May 4th

On Russell Edson’s The Tunnel and John Langan’s The Fisherman

Another pair that I finished on the same day. The first, Russell Edson’s The Tunnel, represents a selection of prose poems from his long career. The second, John Langan’s The Fisherman, is a 2016 horror novel I’ve had on my radar since its release, but never managed to pull the trigger on. I began the former about a month ago, and did so with great expectations, having read a handful of effusive reviews that spoke of Edson’s startling originality. I began the latter two days ago, expecting to be satisfied, but unsurprised. After a childhood dining on Stephen King and an adulthood spent regularly sampling the writers that inspired him and those he inspired himself, I demand a good deal from a horror novel, more than I do from a work of any other genre. The unknowable was terrifying in Lovecraft’s day, but now, almost a century later, it is terribly, tastelessly known.

And yet I enjoyed Langan’s revitalization of Lovecraft’s well-worn themes, while Edson’s poems left me feeling cold. Because while Langan does nothing new—the tale of a man driven to sin by the loss of a loved one is as old as the Greeks—he does it well, drawing out the essence of literary ingredients familiar to any horror fan like an experienced chef. The tale-within-a-tale structure employed so frequently by writers of weird fiction is never concealed; Langan plays the trope admirably straight. We begin with Abe, a man grieving over the loss of his wife to cancer, and it’s with Abe we end. The horrors of the past, which take up roughly the middle two-thirds of the book, are lively, and come to echo in the present. And Abe is forced to reckon with them. And in order to come out on top, he must first triumph over himself.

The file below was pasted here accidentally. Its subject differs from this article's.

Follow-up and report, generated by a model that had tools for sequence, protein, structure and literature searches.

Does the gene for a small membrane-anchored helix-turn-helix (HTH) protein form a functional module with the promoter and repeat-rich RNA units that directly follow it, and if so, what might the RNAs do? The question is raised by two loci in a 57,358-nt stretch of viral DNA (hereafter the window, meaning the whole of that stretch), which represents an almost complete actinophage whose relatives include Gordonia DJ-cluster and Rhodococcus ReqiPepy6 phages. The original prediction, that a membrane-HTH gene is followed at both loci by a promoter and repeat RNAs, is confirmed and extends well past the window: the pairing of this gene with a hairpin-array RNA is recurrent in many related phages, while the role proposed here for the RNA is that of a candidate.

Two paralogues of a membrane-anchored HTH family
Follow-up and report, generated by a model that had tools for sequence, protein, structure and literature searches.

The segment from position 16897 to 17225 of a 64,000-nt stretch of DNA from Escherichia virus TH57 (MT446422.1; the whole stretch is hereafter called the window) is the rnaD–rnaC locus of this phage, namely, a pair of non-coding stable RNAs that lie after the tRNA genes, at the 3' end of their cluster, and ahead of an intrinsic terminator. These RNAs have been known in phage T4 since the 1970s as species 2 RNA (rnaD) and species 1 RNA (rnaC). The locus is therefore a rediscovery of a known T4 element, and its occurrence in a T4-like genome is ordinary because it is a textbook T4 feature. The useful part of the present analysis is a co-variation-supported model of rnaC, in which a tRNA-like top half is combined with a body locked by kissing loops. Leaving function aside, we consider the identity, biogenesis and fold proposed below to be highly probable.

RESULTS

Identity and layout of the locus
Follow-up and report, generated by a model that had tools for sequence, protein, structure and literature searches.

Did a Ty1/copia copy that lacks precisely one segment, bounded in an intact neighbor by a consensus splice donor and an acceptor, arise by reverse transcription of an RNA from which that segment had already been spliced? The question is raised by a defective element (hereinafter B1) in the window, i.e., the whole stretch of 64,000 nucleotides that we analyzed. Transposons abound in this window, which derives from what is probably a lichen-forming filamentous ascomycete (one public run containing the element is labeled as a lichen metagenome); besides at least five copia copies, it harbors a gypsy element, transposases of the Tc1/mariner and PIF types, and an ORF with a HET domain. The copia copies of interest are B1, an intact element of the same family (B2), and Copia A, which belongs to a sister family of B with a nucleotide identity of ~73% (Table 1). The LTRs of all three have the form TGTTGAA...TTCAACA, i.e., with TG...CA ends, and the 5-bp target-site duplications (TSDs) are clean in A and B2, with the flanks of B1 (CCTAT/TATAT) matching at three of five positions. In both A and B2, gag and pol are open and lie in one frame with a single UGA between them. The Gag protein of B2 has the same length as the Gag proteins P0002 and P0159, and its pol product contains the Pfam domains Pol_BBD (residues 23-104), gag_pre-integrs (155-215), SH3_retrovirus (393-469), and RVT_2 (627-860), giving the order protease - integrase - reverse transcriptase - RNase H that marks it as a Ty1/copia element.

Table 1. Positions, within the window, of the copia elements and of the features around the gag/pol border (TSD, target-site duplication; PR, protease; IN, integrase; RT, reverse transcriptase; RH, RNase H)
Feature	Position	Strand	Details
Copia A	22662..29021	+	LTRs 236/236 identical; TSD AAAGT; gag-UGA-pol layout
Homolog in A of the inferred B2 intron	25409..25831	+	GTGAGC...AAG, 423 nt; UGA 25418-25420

Given the above narrative, which is probably as conventional as they come, Edson would probably laugh. In his prose poems, he eschews such simple structures. Instead of a man grieving his dead wife, we might find a dead wife grieving her living husband. Or eating him. Or cheating on him with a younger version of himself, who’s treated her (his dead wife, that is) to a dinner of his own barbecued ribs. This, after all, is what Edson does (and does, admittedly, quite well): twist and twist and twist tropes until the reader’s brain snaps, letting in the glorious light of whatever truth he’s set out to illuminate.

I’m impressed by what Edson does, don’t get me wrong. True originality is almost impossible, and he is nothing if not original. But a lesson I’ve learned (and am still learning) is that I don’t read in order to be impressed. It’s nice when it happens, but it’s not why I pick up a book. I read in order to be, if only briefly, lost, and Langan’s The Fisherman did just that. The world of his novel might not have been as exciting (or even unsettling) as the world(s) Edson conjures, but not for a moment did I doubt it was real.

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